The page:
It is the first official day with Larry Page at the helm and he is already making some moves. Google today made a bid on almost de-funked Nortel Networks Patent portfolio for a whopping $900 million. Google has stated that they don’t think companies should stifle innovation by creating patent portfolios, and the current patent system in general. They also went on to say;
But as things stand today, one of a company’s best defenses against this kind of litigation is (ironically) to have a formidable patent portfolio, as this helps maintain your freedom to develop new products and services. Google is a relatively young company, and although we have a growing number of patents, many of our competitors have larger portfolios given their longer histories.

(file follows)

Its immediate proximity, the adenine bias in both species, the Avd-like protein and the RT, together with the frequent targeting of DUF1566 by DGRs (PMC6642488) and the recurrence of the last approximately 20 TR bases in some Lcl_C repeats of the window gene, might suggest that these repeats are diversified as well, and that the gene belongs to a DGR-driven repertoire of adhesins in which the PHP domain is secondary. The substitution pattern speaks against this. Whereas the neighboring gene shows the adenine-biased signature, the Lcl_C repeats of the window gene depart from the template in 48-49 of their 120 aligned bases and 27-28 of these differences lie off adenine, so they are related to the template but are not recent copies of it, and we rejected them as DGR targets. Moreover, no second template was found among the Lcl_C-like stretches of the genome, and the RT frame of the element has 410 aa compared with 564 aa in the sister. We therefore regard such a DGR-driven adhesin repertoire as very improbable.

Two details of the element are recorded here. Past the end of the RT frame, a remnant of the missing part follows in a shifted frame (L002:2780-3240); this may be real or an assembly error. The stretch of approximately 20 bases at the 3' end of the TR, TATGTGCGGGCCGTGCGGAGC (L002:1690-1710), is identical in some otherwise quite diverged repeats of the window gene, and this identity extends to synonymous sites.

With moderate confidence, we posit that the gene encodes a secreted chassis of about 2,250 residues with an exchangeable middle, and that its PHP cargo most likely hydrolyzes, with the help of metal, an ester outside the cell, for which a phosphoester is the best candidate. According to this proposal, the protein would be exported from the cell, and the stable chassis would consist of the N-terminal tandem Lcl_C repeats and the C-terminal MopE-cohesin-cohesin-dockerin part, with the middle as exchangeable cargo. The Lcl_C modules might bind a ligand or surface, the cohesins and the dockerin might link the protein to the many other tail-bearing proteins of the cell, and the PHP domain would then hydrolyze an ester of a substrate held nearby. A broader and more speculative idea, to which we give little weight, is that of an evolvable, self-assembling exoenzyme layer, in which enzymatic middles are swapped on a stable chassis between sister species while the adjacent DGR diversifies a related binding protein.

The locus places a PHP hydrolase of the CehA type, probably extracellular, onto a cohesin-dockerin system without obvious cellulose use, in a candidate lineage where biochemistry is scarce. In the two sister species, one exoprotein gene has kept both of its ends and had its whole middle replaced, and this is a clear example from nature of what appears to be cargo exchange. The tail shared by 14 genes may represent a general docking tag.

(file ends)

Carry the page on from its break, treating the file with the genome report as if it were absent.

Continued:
As a resident of Ottawa I am more than familiar with Nortel Networks as I had many friends that worked for them during the boom years, and I know that Nortel holds patents on a huge variety of technologies that have yet to see the light of day, as well as many that we use every day. Google’s bid on this portfolio is what is know as a “stalking horse” bid, which means that any other company wishing to bid as to use the $900 million as a starting point. Google mentioned in their announcement that both Android and Chrome would benefit from Google obtaining these patents. What is also interesting is that Microsoft holds a “a worldwide, perpetual, royalty-free license to all of Nortel’s patents that covers all Microsoft products and services, resulting from the patent cross-license signed with Nortel in 2006.” What this means is that Microsoft cannot be sued for infringing on the bundle of rights that they are already licensed to use.